Earth to Jupiter distance
    Earth to Jupiter distance km miles AU Light minutes
    Average Distance 787 million 489 million 5.26 43.7
    Current Distance (May 2017) 677 million 421 million 4.5 38
    Maximum Distance 968.1 million 601.55 million 6.5 53.82
    Minimum Distance 588.5 million 365.7 million 3.9 32.72
    Jupiter to planets & Sun
    Distance km miles AU Light minutes
    Jupiter to Sun Distance 779.3 million 484.2 million 5.2 43.3
    Jupiter to Mercury Distance 780 million 485 million 5.21 43.4
    Jupiter to Venus Distance 783 million 487 million 5.23 43.5
    Jupiter to Earth Distance 787 million 489 million 5.26 43.7
    Jupiter to Mars Distance 795 million 494 million 5.32 44.2
    Jupiter to Saturn Distance 1.54 billion 955 million 10.3 85.7
    Jupiter to Uranus Distance 2.93 billion 1.82 billion 19.6 163
    Jupiter to Neptune Distance 4.53 billion 2.82 billion 30.3 252
    Jupiter to Pluto Distance 6.13 billion 3.81 billion 41 341

    More Facts

    Jupiter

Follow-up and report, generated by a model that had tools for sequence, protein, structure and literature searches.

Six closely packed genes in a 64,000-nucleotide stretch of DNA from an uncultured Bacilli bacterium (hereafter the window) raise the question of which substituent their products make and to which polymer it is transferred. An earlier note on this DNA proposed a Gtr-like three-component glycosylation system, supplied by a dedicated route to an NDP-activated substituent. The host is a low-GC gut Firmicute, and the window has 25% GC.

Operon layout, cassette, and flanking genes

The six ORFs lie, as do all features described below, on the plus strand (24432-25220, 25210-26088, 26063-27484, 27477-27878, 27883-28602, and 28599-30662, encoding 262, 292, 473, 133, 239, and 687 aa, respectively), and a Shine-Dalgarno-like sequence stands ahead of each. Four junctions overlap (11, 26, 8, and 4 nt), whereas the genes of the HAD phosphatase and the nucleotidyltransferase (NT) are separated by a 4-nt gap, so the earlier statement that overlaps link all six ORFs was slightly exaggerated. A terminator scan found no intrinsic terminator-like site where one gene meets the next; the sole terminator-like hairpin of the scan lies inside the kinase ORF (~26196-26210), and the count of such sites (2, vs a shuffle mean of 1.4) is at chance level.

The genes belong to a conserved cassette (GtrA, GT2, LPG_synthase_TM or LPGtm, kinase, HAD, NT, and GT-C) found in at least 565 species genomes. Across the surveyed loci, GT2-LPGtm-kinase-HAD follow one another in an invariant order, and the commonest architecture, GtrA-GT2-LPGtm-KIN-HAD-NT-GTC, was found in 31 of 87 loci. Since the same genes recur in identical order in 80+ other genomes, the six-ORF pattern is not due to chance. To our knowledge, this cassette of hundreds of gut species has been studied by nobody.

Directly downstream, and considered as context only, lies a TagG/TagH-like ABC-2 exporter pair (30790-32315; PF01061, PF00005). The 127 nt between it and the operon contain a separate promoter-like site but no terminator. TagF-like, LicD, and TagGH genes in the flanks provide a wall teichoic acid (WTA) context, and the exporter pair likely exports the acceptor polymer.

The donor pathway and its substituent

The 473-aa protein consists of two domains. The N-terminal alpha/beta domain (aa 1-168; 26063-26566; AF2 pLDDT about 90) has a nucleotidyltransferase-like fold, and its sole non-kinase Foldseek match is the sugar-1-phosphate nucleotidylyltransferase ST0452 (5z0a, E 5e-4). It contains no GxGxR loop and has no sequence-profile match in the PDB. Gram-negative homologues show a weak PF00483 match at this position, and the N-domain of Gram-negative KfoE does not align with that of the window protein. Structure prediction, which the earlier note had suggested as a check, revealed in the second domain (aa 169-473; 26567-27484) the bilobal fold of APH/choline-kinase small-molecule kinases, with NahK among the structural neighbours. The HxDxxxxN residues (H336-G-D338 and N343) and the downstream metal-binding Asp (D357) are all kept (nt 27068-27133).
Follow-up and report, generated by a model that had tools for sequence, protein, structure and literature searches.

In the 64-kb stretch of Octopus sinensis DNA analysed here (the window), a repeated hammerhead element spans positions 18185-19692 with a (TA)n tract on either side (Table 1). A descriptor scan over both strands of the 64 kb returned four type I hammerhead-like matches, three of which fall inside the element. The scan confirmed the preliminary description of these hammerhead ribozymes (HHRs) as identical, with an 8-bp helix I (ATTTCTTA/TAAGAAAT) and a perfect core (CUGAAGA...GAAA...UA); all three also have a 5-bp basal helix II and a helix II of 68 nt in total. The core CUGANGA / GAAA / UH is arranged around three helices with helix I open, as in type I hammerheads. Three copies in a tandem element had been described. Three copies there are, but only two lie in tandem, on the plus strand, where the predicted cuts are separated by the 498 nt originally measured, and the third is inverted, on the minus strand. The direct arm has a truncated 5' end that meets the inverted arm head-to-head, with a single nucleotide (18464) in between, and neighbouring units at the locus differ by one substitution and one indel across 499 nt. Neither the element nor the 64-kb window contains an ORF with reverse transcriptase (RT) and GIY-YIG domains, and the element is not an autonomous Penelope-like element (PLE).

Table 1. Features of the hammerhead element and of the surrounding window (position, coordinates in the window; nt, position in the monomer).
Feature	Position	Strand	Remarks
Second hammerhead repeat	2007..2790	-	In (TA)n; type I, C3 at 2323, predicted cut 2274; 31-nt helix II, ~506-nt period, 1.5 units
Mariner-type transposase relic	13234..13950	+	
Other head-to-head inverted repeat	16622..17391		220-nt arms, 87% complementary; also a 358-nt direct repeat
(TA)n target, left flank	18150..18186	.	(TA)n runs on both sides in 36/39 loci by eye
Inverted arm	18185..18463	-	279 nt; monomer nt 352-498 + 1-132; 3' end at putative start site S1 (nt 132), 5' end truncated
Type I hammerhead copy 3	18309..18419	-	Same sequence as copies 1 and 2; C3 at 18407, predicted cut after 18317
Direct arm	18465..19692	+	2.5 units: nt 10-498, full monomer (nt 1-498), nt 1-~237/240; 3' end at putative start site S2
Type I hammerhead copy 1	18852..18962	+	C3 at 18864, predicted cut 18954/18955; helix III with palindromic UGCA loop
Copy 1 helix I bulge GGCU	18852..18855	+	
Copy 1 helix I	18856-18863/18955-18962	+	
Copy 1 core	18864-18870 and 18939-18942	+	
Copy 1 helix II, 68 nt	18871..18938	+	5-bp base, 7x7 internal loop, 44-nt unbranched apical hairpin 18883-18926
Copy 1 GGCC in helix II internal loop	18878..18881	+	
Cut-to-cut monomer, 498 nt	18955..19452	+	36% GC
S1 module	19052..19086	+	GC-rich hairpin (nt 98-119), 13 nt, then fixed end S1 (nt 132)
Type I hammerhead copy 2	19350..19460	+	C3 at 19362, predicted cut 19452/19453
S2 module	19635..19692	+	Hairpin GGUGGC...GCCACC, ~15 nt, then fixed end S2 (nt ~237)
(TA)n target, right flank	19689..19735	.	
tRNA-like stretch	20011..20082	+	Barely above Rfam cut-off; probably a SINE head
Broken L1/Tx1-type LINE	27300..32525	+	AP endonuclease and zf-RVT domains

Jupiter is the fifth planet from the Sun and the largest planet in the solar system. The fourth brightest object in Earth’s sky, after the Sun, the Moon, and Venus, Jupiter is more than three times brighter than Sirius, the brightest star. Due to its prominence in the sky, the Romans named the planet for their chief god, Jupiter. Jupiter orbits the Sun at an average distance of 778 million km (484 million mi), which is about five times the distance from Earth to the Sun. Jupiter’s year, or the time it takes to complete an orbit about the Sun, is 11.9 Earth years, and its day, or the time it takes to rotate on its axis, is about 9.9 hours, less than half an Earth day. Unlike the rocky inner planets of the solar system (Mercury, Venus, Earth, and Mars), Jupiter is a ball of dense gas and has no solid surface. Jupiter may have a core composed of rock-forming minerals like those trapped in comet ices, but the core makes up less than 5 percent of the planet’s mass. The force of gravity at the level of the highest clouds in Jupiter’s atmosphere is about 2.5 times the force of gravity at Earth’s surface. Gas and clouds in Jupiter’s atmosphere travel at high speeds. This phenomenon is not fully understood but it is related to the planet’s high rate of rotation. These gases and clouds travel faster at the equator than at higher latitudes. The gases and clouds of the atmosphere are thrown outward as the planet rotates, similar to the manner in which mud is thrown outward from a spinning wheel. The balance between gravity and this outward force, which is proportional to the rotational speed of the atmosphere, noticeably distorts the planet’s round shape. Higher speed at the equator produces greater outward force, causing an equatorial bulge, whereas lower speed at the poles gives gravity the edge, leading to polar flattening. Jupiter’s equatorial diameter is 143,000 km (89,000 mi), 6.5 percent larger than the polar diameter of 133,700 km (83,000 mi). In 1610, when Italian philosopher and scientist Galileo Galilei began the first telescopic study of Jupiter, the commonly held view of the universe was one developed by 2nd-century Alexandrian astronomer Ptolemy. Ptolemy’s model assumed that all of the stars and planets moved in orbits around Earth. When Galileo discovered four satellites, or moons, revolving around Jupiter, he recognized that he had discovered evidence in support of the competing Copernican theory. This theory, proposed by Polish astronomer Nicolaus Copernicus in the early 1500s, held that the planets, including Earth, revolve around the Sun. Galileo strongly supported the Copernican model and played a major role in advancing this theory and creating a more modern view of the solar system. In recognition of Galileo’s contribution, the four largest of Jupiter’s moons are collectively known as the Galilean satellites. When viewed through a modern telescope, the oblate (flattened) disk of Jupiter has a pearly color with bands of pastel browns and blues. Earth-based observers can best view Jupiter when it is near solar opposition—that is, when both planets are aligned on the same side of the Sun. At opposition, Jupiter rises at sunset and sets at sunrise, which means that it is visible all night long. In addition, the distance from Earth to Jupiter is at its minimum at opposition, making Jupiter appear nearly one and a half times larger than it does when it is farthest from Earth. Because Jupiter orbits the Sun in the same direction as Earth, Earth has to travel a little more than a full year to catch up to Jupiter from one opposition to the next. The time interval between oppositions is about 399 days. In the year 2002, this opposition occurred on January 1. In the mid-1950s radio astronomers discovered that Jupiter emitted strong radio waves at many frequencies (see Radio Astronomy). This radio data indicated that Jupiter has a magnetic field—that is, a surrounding area of magnetic force. Jupiter, in other words, acts like a giant magnet. Earth has a similar but much weaker magnetic field. Just above the clouds Jupiter’s magnetic field is 10 times more intense than Earth’s field is at Earth’s surface. Like Earth’s field, Jupiter’s field is tipped about 10° relative to its axis of rotation. The interaction of Jupiter’s magnetic field with charged particles ejected from the Sun creates radio noise near the poles and auroras similar to Earth’s aurora borealis, or northern lights. As Jupiter rotates, its north and south magnetic poles become obscured to different extents, which makes the intensity of the planet’s radio noise as detected from Earth vary in a regular pattern. The pattern repeats at intervals of 9 hours 55.5 minutes, indicating the rate of rotation of Jupiter’s interior where the magnetic field is generated. Astronomers were able to accurately determine Jupiter’s mass even before 1900. They calculated the gravitational force that Jupiter exerts on its satellites by measuring their movements around the planet over an extended period. Because the gravitational force exerted by a planet is proportional to its mass, they could deduce Jupiter’s mass. Spacecraft flying by Jupiter have made more detailed studies of Jupiter’s gravitational field possible, giving clues about the planet’s inner structure. These spacecraft have also relayed close-up images of the clouds and information about the composition of Jupiter’s outer layers. Putting all of this data together, astronomers have assembled a detailed picture of Jupiter’s composition and structure. The fact that Jupiter’s radius is 11.2 times larger than Earth’s means that its volume is more than 1,300 times the volume of Earth. The mass of Jupiter, however, is only 318 times the mass of Earth. Jupiter’s density (1.33 g/cm3) is therefore less than one-fourth of Earth’s density (5.52 g/cm3). Jupiter’s low density indicates that the planet is composed primarily of the lightest elements—hydrogen and helium. Galileo, a National Aeronautics and Space Administration (NASA) spacecraft composed of an orbiter and a planetary probe, arrived at Jupiter in 1995. The probe, which entered the atmosphere near 6° north, measured high winds and a puzzling lack of water molecules deep in Jupiter’s atmosphere. It also found that the ratio of the amount of hydrogen present to the amount of helium present was similar to the ratio that has been determined for the outer envelope of the Sun. This similarity in the hydrogen-helium ratio supports the theory that Jupiter and the Sun formed from the same cloud of material (See also Planetary Science). When a spacecraft flies by a planet, the gravitational field of the planet causes the spacecraft to accelerate. This change in speed and direction can be detected as a slight shift in the frequency of the radio signals that the spacecraft is sending back to Earth (see Doppler Effect). Scientists have analyzed radio signals from several spacecraft that have passed Jupiter and have combined their results with studies of Jupiter's composition to create computer models of the planet. The computer models predict that Jupiter's outer layer, composed of a gaseous mixture of hydrogen, helium, and traces of hydrogen-rich compounds such as ammonia, methane, and water vapor, is about 1,000 km (about 600 mi) thick. Beneath this layer, the pressure is so great and the atmosphere is so hot and compressed that the hydrogen and helium atoms do not behave as a gas, but as what physicists call a supercritical fluid. Supercritical fluids form at high temperatures and pressures and have properties similar to those of both gases and liquids. The supercritical zone extends 20,000 to 30,000 km (12,000 to 19,000 mi) into Jupiter, which is about one-fourth to one-third of the radius of the planet. Beneath the supercritical fluid zone, the pressure reaches 3 million Earth atmospheres. At this depth, the atoms collide so frequently and violently that the hydrogen atoms are ionized—that is, the negatively charged electrons are stripped away from the positively charged protons of the hydrogen nuclei. This ionization results in a sea of electrically charged particles that resembles a liquid metal and gives rise to Jupiter’s magnetic field. This liquid metallic hydrogen zone is 30,000 to 40,000 km (19,000 to 25,000 mi) thick—about half the radius of the planet—and extends to the molten rock core at Jupiter's center. The molten rock core occupies a sphere with a radius of about 10,000 km (about 6,000 mi)—about one-fourth of Jupiter's total radius—and has a mass perhaps 10 to 15 times the mass of Earth. According to current theories, an enormous disk of dust and gas encircled the Sun as it formed about 4.6 billion years ago. The material in this disk eventually formed the planets, moons, and asteroids of the solar system. Mineral particles and metal-rich grains in this disk combined with icy comet-like fragments to form seeds for larger bodies. The largest fragments swept up the most dust and surrounding gases and became the planets. Planets such as Jupiter and Saturn that attained masses greater than 14 times the mass of Earth had sufficient gravity to attract and hold hydrogen and helium atoms, which constituted most of the disk material. These planets became gas giants. Planets with weaker gravity, such as Earth and Mars, could not hold hydrogen and helium and so remained smaller and mainly rocky. Eventually, nearly all of the matter of the disk was concentrated in a few bodies: the planets and their moons. Jupiter was the largest of these bodies. Despite the planet’s large size, Jupiter is far too small to become a star. The pressure and temperature at Jupiter’s core are not high enough to cause sustained fusion of hydrogen—the process that makes a star shine. Even though Jupiter contains more than twice as much mass as all the other planetary bodies in the solar system combined, it would need to have about 80 times its current mass for sustained fusion to occur. Many puzzles remain about how Jupiter and similar giant planets form. Scientists have been surprised by the orbits of some Jupiter-like planets discovered around other stars. In some cases, the giant planets orbit closer in around these stars than Mercury orbits our Sun. Other Jupiter-like planets have extremely eccentric orbits, unlike Jupiter's nearly circular orbit. These findings and other research suggest that Jupiter and the other giant planets in our solar system may not have formed in their present orbital positions. Jupiter may have formed closer to the Sun and moved outward, or Jupiter may have moved inward. If Jupiter had a shifting orbit, its movements may have greatly affected the formation and orbits of other planets in the solar system. How quickly Jupiter formed is another puzzle. Planets are thought to form by accretion (clumping together) of smaller bodies while stars form by gravitational collapse at the center of a gas cloud. Accretion is thought to be a relatively slow process—too slow perhaps for Jupiter to have retained so much gas. A faster way for a giant planet to take shape might be the sudden collapse of a disk of dust and gas into a large body. NASA’s planned Juno probe to Jupiter will study the size of Jupiter's rocky core, which may provide a clue to how Jupiter became a planet. As light travels outward from the Sun it spreads equally in all directions, decreasing in intensity. Because Jupiter is five times more distant from the Sun than Earth is, the light that falls on Jupiter is 25 times less intense than the light that strikes Earth, and the intensity of solar energy reaching Jupiter is therefore only about 4 percent of that reaching Earth. Studies of infrared radiation (energy radiated as heat) from Jupiter reveal that the planet gives off 1.67 times as much energy as it receives from the Sun. The source of the excess radiated energy is apparently stored heat that was created by the energy of impacts that occurred during Jupiter’s formation and the subsequent gravitational compression of the planet’s material. The difference in temperature between the top of Jupiter’s atmosphere and its deepest layers drives the circulation that transports heat from deep within the planet outward. From a distance Jupiter appears to have horizontal stripes, which result from winds that shear its cloud layers into sharply defined bands. These bands circle the planet, with winds along the edges of adjacent bands blowing in opposite directions. Earth’s trade winds form a similar pattern, but Jupiter’s winds are much stronger and more stable. The strongest winds, at low latitudes near Jupiter’s equator, drive individual cloud systems 11° eastward every 24 hours. At higher latitudes the clouds alternately shift westward and eastward corresponding to the banded structure of the atmosphere, which is sculpted by these wind jets. This cloud motion indicates winds of 600 km/h (370 mph) at low latitudes with winds decreasing to tens of kilometers per hour at high latitudes. Some of the cloud bands appear whitish, while others are orangey or brown. Scientists believe that the colors result from the presence of trace gases in Jupiter’s atmosphere. In the upper reaches of the atmosphere, the temperature drops below the freezing point of ammonia, one of the trace gases. In regions where warmer gases are carried up from below, the fresh ammonia freezes to form highly reflective white ice crystals. The ice crystals are swept horizontally by prevailing winds, causing the formation of bands that appear bright from reflected sunlight. Ultraviolet radiation from the Sun interacts with molecules of other trace gases in the upper atmosphere and generates yellow-brown smog. This smog settles down on the clouds causing those that are deeper in the atmosphere to appear darker brown. Within the darker bands, the atmosphere tends to sink and the ammonia ice crystals melt, exposing more brown smog particles and causing further darkening. Major storms often appear suddenly on Jupiter. Evidence suggests that, unlike storms on Earth, which are driven by solar heating of the atmosphere, Jupiter’s storms are caused by bubbles of warmer gas rising through the atmosphere from deep within the planet. These bubbles, carrying varying amounts of heat, create cloud systems that are constrained on the north and south by bands of strong wind blowing in opposite directions. Unable to move north or south, and with no solid landmasses to create friction, the storms roll in the winds and feed off smaller storm systems for weeks or longer. Jupiter’s most famous storm, the Great Red Spot, has persisted for centuries. The Great Red Spot is so enormous that if three Earths were placed side by side in front of it, they would scarcely span it. The earliest report of a red spot was by Robert Hooke in 1664, although scientists are not sure if the current spot has existed continuously since that time. The cause of the Great Red Spot is not yet known, but its motion is such that it must sustain itself on energy gained from the upper atmosphere, perhaps by absorbing the energy of smaller atmospheric disturbances. It cannot be linked to a heat source deep in the atmosphere, because it moves slowly westward at an irregular rate. The red color of the spot appears to be caused by impurities such as sulfur or phosphorus compounds that absorb ultraviolet, violet, and blue light. In 1938, three smaller, separate storms formed in a belt near 30° south latitude. Because of their color and shape, these storms were called white ovals. In 1998 astronomers observed that two of these white ovals had merged to form a slightly larger storm system, visible as a single white oval. In 2000 the remaining two storm systems combined into a single storm with a diameter half that of the Great Red Spot. The storm was rotating in a counterclockwise direction as seen from above. Weather systems on Earth that behave in this manner have air masses rising near their centers. In late 2005, the storm turned brown and in early 2006 it turned red. Scientists dubbed it the Little Red Spot, although the official name is Oval BA. It was the first time scientists were able to witness the birth of a red spot on Jupiter. The color change probably resulted from chemicals being pulled into the upper atmosphere by the storm and exposed to ultraviolet radiation from the Sun. By late 2006 the winds in the Little Red Spot were blowing at about 650 km/h (400 mph), similar to wind speeds in the Great Red Spot. The Little Red Spot has about the same diameter as Earth. In 1994 the comet Shoemaker-Levy 9 provided a unique opportunity to study Jupiter’s atmosphere. The comet was torn apart by Jupiter’s gravitational field as it approached the planet. The resulting fragments collided with Jupiter’s upper atmosphere at speeds of up to 216,000 km/h (134,000 mph). The collisions generated huge explosions in Jupiter’s stratosphere. About a minute after the fragments entered Jupiter’s upper atmosphere, an explosion ejected a rapidly expanding cloud of material about 3,000 km (1,900 mi) above Jupiter’s cloud layer. When this material fell back into Jupiter’s stratosphere, it generated shock waves and discharged enough energy to heat an area several thousand kilometers in diameter from its normally frigid -100°C (-150°F) to more than 700°C (1,300°F). The resulting debris cooled and formed a dark layer in Jupiter’s stratosphere that slowly settled into the deeper atmosphere. Winds then swept the debris around the planet and removed all trace of the event within months. The thick layer of liquid metallic hydrogen created by the high pressures and temperatures deep within Jupiter generates an enormous magnetic field. The interaction between the rotation of the planet and cooling of the outer region drives circulation within this liquid metallic hydrogen zone. The circulation of the metallic hydrogen generates electrical currents. These electrical currents, rotating with the planet, create a magnetic field that is similar in shape to Earth’s field but far stronger. Out beyond the orbits of Jupiter’s four large Galilean moons, charged particles emitted by the Sun greatly distort the weak outer envelope of the field, pushing it in toward Jupiter on the side facing the Sun and dragging it out in a long tail on the opposite side. Closer to Jupiter the strong field traps the charged particles. The entire region of particle-field interactions is known as the magnetosphere. Particles that are trapped by the strong inner field of Jupiter’s magnetosphere move in helical, or spiral, paths along the magnetic field lines toward the poles of Jupiter’s field. Because the magnetic field is more concentrated near the poles, the particles frequently collide with one another and with molecules in Jupiter’s upper atmosphere. These collisions create auroras over the poles that are similar to Earth’s aurora borealis and aurora australis—the northern lights and southern lights. Jupiter, encircled by at least 63 natural satellites and a series of thin rings, is similar to a miniature solar system. For this reason, Jupiter is of great interest to planetary scientists and others who are concerned with the formation of planetary systems. Sixteen of Jupiter's larger moons are discussed in this section; the remaining moons are relatively recent discoveries and have not yet been extensively studied. In 1979, a camera on the Voyager 1 spacecraft used a long exposure with the line of sight passing through the equatorial region to determine that Jupiter has a thin ring. Three inner moons of Jupiter were also discovered from images taken by the Voyager spacecraft. These moons, named Metis, Adrastea, and Thebe, along with Amalthea, discovered in 1892, revolve around Jupiter at average distances of 128,000 km (79,500 mi), 129,000 km (80,000 mi), 222,000 km (138,000 mi), and 181,000 km (112,000 mi), respectively. They are dark and irregularly shaped. Amalthea is 135 km (84 mi) across its largest dimension, and the other three moons range from 10 to 50 km (6 to 31 mi) in diameter. The ring is composed of three parts: a main ring, a halo, and an outer ring. The main ring is flat, about 7,000 km (4,300 mi) wide, and extends out to 128,500 km (79,800 mi), about twice the radius of Jupiter. A halo of charged particles, which are spread poleward by magnetic interactions, overlaps the main ring. A faint, outer, gossamer ring begins beyond the main ring and extends to the orbits of Amalthea and Thebe. The ring and the four inner moons form a closely related system. In 1998 astronomers at Cornell University concluded that material scattered from the four inner moons is the source of the ring particles, and that the structure of the rings is determined by the dimensions and tilts of the orbits of the moons relative to Jupiter's equator. Dust is knocked off when micrometeoroids strike Jupiter's four innermost moons. Metis and Adrastea orbit Jupiter at the outer edge of the inner rings and sweep up material in their paths, acting as 'shepherds' to keep the outer edge of the ring sharp. Amalthea and Thebe, orbiting farther from Jupiter, supply material to sustain the outer gossamer ring. Beyond the rings and small inner satellites are Jupiter’s famous Galilean moons. Galileo discovered these satellites in 1610. These four moons are much larger than Jupiter’s other satellites. They range from the size of Earth’s Moon to the size of the planet Mercury. The closer a moon is to Jupiter, the more dense it tends to be, just as the closer a planet is to the Sun, the more dense it tends to be. Planetary scientists believe that these parallel trends reveal much about how the planets and the solar system formed and evolved over the intervening ages. The innermost satellites, Io and Europa, which orbit Jupiter at 421,000 and 671,000 km (262,000 and 417,000 mi), are dense and rocky like Mercury, Venus, Earth, and Mars, the innermost planets of the solar system. Ganymede and Callisto, at greater distances from Jupiter—1,070,000 and 1,883,000 km (660,000 and 1,117,000 mi)—are composed of lower-density, icy materials. Ganymede is the largest of Jupiter’s moons. Tidal stresses—fluctuations in gravitational forces—repeatedly flex the moons Io and Europa. The resulting expansion and contraction of the moons causes internal friction that heats them up. Both satellites exhibit forms of volcanic activity as a result. Io is dominated by active sulfur volcanism, while Europa is covered with a blanket of water ice that cracks and vents the tidally generated heat. Exobiologists, scientists who study the possibility of life on other planets, speculate that conditions within the ices on Europa might support primitive forms of life. The Galileo spacecraft began orbiting Jupiter in December 1995 and initiated an in-depth examination of the Galilean moons in December 1997. With data sent back from the spacecraft, scientists have determined that Ganymede has its own magnetic field and Callisto has patterns in its surface structures that show the moon has slowly been modified by its environment. Europa has a complex, glacially active surface, and Io is much more volcanically active than originally believed. Galileo continued to gather data into 2003, focusing primarily on Io and Europa, but also engaging in several close passes by Ganymede and Callisto. Prior to 1999, two additional families of small satellites, located in inclined elliptical orbits at large distances from Jupiter, were known. The first family, Leda, Himalia, Lysithea, and Elara, orbit at average distances of about 11 million km (about 6.6 million mi). These satellites, along with the inner and Galilean satellites and Jupiter’s rings, revolve about Jupiter in the same direction that the planet rotates on its axis. The second family, Ananke, Carme, Pasiphae, and Sinope, orbit at average distances of about 21 to 23 million km (about 13 to 14 million mi) and revolve in the opposite direction. Since 1999, 47 more distant small moons have been found, bringing the total number of known satellites to 63. Most of these new members are also in elongated, tilted orbits and are less than 10 kilometers (6 miles) in diameter. The nature of the orbits of the outer moons suggests that they are trapped asteroids or fragments of larger bodies that were broken up by collisions with asteroids or comets. An era of detailed observations of Jupiter began with NASA’s Pioneer 10 spacecraft, launched in March 1972. Pioneer 10 was followed in April 1973 by Pioneer 11. These simple spinning spacecraft carried instruments that provided excellent information on Jupiter’s gravitational field, magnetosphere, and upper stratosphere. The next NASA spacecraft explorations of Jupiter were the Voyager 1 and Voyager 2 missions of 1979. The Voyager craft were designed to maintain a stable orientation in space, so that onboard cameras and other imaging instruments could be used to map Jupiter in ultraviolet (UV), visible, and infrared (IR) light. The visual images provided detailed maps of Jupiter’s cloud deck, the IR data produced information about how heat escaped and the relative abundance of materials in Jupiter’s upper atmosphere, and the UV data provided information on the interaction of Jupiter’s magnetic field with the solar wind and the upper atmosphere. In 1990 NASA launched the spacecraft Ulysses from an orbiting space shuttle to study the Sun from an orbit passing over its poles. To get Ulysses into that unusual orbit, astronomers aimed the spacecraft to swing twice around Jupiter, using the planet as a gravitational slingshot. While flying by Jupiter in 1992 and 2004 Ulysses took measurements of Jupiter’s magnetosphere and gravitational field. In 1989, prior to the launch of Ulysses, NASA launched the Galileo spacecraft on a mission to Jupiter. The Galileo spacecraft took a slower route to Jupiter, reaching the planet in 1995. Unlike previous spacecraft that merely passed by Jupiter, Galileo entered orbit around the planet in order to engage in longer-term study. The spacecraft also launched a remote probe into the planet. The probe plunged through Jupiter’s opaque cloud deck, and the orbiting Galileo spacecraft relayed information the probe gathered to Earth. The probe transmitted its readings until it reached a depth in Jupiter’s atmosphere where the pressure was 20 Earth atmospheres, at which point high temperatures caused its transmitter to fail. Galileo’s remote probe provided direct measurement of the relative abundance of the elements in Jupiter’s outer atmosphere and the strength of its winds, revealing an unexpected low level of water in the clouds and high wind speeds. The Galileo spacecraft continued to gather and transmit information about Jupiter’s magnetic field, atmosphere, and moons until 2003. NASA dove the spacecraft into Jupiter’s atmosphere when Galileo’s fuel dwindled in September 2003. Galileo was traveling so fast that friction with the atmosphere burned up the spacecraft. More data on Jupiter was collected by the Cassini/Huygens spacecraft, which flew by Jupiter in December 2000 on its way to a rendezvous with Saturn in 2004. Cassini’s mission to Saturn was similar to Galileo’s Jupiter mission: to orbit Saturn and drop the Huygens probe, built by the European Space Agency, onto Saturn’s moon Titan. The New Horizons spacecraft made a flyby of Jupiter in February 2007 to gain a gravitational boost from the giant planet, accelerating the probe on its path to fly by Pluto in 2015. New Horizons took images and collected data about Jupiter, its magnetosphere, its rings, and its moons at the same time that the Hubble Space Telescope and the Chandra X-ray Observatory viewed the planet. The combined information gave scientists a more complete picture of Jupiter during the encounter. New Horizons was able to take detailed motion pictures of Jupiter’s atmosphere as the planet rotated and was also able to study Jupiter’s magnetic tail for a much greater distance beyond the planet than any previous probe.